Women's magazines have long been on the diminished-desire beat. The articles they publish seem to be increasingly brain science–based, in addition to including traditional anecdotes from unhappy bedrooms and professional advice from a kind and knowledgeable therapist. (The word "candles" might get mentioned, prescriptively.) But what interested me most as a novelist wasn't primarily the latest psychological or neurochemical research into female arousal, or lack thereof. Instead, I just wanted to take a look at the way female desire changes over time. And it definitely does change. There may not always be an outright war between men and women, but something's certainly going on now, in "that part" of women's lives, and I wanted to see what it was.

That's what I've explored in The Uncoupling. I decided to work Lysistrata into it, at least around the edges, imagining what would happen if the play cast a spell over a group of girls and women in that same invisible way that love and the beginnings of desire seem to cast a spell, too, entrancing their subjects, changing the way they think about themselves and the lives they've been living.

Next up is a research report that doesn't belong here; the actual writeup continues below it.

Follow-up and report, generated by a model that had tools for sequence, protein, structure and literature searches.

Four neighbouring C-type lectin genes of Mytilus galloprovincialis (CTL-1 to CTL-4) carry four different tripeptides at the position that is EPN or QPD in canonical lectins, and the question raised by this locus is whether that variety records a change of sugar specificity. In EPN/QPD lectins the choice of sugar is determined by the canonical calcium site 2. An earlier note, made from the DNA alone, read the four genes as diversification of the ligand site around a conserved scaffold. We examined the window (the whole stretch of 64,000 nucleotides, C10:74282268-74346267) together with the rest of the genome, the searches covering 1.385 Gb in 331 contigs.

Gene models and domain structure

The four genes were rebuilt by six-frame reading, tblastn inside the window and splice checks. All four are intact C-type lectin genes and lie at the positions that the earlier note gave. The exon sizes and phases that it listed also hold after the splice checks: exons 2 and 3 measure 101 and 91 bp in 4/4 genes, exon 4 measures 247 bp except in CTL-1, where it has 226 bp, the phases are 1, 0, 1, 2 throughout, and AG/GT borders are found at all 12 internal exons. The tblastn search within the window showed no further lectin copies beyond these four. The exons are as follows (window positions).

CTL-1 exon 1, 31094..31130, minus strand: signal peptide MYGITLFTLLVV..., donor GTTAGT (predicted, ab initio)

DISCUSSION QUESTIONS

  • Think about the women in the novel. Each of them reacts to the loss of desire in a different way. How does each woman's reaction reflect the stage of life she is in? Which woman do you think is the most changed at the end of the novel?
  • Willa and Miles both participate in an online world and communicate with each other electronically. How do you think electronic communication changes how relationships are built? Can it be a helpful tool? Can it be problematic?
  • Dory and Robby seem to be the perfect couple at the start of the book. How does the author signal that there might be problems beneath the surface? Think about other books you've read that feature married couples who start off happily married. How are those marriages similar to Dory and Robby's? How are they different?